CINCINNATI — When Stu Spaulding bought his first home in Prospect Hill three years ago, he knew he had work to do on the home. What he didn't anticipate was a letter from the Cincinnati Department of Transportation and Engineering, ordering him to fix a broken sidewalk outside the home.
He received a letter from the department classifying the repairs to his front and back sidewalk as an emergency, and directing him to hire a private contractor to fix the sidewalks by July 31. If Spaulding does not, the letter said the city will perform the work and charge him $5,000 for the service.
"I agree that some work needs to be done, I just wish that we'd been communicating a little bit prior, before this was considered an emergency issue, so we had some time to find a contractor of our own to do the work in a more acceptable time frame," said Spaulding.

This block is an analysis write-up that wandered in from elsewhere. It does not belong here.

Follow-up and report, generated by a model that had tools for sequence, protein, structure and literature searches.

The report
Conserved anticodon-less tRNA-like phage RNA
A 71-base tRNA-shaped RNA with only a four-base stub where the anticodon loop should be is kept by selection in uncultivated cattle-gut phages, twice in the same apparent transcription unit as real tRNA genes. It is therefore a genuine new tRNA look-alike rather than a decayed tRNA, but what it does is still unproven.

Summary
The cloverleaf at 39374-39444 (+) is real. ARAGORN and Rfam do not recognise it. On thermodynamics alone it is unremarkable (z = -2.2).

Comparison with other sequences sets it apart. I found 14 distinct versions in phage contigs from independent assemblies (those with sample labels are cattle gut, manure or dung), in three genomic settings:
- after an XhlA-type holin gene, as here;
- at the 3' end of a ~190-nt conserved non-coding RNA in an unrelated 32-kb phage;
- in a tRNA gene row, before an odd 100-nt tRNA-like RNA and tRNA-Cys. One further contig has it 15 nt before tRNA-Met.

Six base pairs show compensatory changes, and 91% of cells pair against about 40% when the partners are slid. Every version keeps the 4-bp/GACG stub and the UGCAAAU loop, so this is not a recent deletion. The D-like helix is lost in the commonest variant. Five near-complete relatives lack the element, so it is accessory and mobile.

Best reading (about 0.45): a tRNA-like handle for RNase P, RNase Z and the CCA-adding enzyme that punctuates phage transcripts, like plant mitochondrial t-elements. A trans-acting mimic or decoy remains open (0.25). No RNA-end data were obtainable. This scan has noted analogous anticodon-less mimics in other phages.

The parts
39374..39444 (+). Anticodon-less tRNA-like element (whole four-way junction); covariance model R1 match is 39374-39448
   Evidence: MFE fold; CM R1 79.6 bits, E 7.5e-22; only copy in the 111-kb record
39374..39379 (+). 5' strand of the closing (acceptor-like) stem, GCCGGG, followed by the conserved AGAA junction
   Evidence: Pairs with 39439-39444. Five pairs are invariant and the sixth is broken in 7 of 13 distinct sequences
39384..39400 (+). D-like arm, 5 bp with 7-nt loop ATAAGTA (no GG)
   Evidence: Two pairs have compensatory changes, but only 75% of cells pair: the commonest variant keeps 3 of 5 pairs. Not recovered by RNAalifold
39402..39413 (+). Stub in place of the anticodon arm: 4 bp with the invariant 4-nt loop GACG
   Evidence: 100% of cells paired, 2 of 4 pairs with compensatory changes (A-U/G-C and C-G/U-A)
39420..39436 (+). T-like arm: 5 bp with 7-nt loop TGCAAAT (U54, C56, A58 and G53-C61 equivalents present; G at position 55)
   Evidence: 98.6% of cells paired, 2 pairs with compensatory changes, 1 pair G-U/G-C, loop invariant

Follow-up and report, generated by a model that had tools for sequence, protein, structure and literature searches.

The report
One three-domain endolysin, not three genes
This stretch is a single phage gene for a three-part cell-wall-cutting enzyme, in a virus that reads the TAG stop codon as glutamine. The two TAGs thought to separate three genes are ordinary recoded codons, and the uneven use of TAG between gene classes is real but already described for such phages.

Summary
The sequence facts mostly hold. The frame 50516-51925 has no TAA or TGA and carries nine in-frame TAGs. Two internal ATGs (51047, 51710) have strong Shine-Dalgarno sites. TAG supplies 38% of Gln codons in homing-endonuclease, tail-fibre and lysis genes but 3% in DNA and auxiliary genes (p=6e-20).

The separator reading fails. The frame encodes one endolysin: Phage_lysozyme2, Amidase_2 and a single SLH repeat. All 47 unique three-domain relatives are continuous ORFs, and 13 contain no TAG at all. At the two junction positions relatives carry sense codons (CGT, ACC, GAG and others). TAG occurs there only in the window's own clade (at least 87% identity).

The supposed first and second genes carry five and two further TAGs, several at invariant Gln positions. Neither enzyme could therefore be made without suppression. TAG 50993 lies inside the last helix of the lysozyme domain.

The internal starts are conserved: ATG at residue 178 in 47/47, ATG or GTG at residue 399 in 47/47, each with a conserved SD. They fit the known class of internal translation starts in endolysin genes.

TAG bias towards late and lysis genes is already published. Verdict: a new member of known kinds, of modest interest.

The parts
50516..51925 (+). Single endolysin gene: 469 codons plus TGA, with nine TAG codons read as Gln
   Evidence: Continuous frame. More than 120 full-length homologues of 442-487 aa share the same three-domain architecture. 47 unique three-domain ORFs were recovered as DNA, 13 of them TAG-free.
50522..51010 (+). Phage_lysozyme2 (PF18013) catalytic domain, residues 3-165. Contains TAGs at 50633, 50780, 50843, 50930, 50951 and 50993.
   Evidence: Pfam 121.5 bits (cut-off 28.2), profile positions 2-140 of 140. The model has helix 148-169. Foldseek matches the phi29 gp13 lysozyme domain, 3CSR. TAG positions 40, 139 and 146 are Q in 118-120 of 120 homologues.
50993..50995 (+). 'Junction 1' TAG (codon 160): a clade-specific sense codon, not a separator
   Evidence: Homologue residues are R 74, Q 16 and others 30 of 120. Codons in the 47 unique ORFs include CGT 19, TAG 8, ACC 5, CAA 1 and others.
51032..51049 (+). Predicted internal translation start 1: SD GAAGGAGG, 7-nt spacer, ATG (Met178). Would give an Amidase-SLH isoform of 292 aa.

In most communities, property owners are responsible for making sidewalk repairs -- and the city does not allow DIY patching. Some homeowners may try suing the city, but this can prove more costly than the initial sidewalk repairs.
"We've been told that the deadline cannot be extended and that they need to do the work," said Spaulding. "It's definitely going to be a financial hardship."
According to the city of Cincinnati's website:
- The balance due for sidewalk repairs can be added on to resident's property taxes
- There are special privisions for seniors and people with disabilities
- There are payment plans for others of 3 to 20 years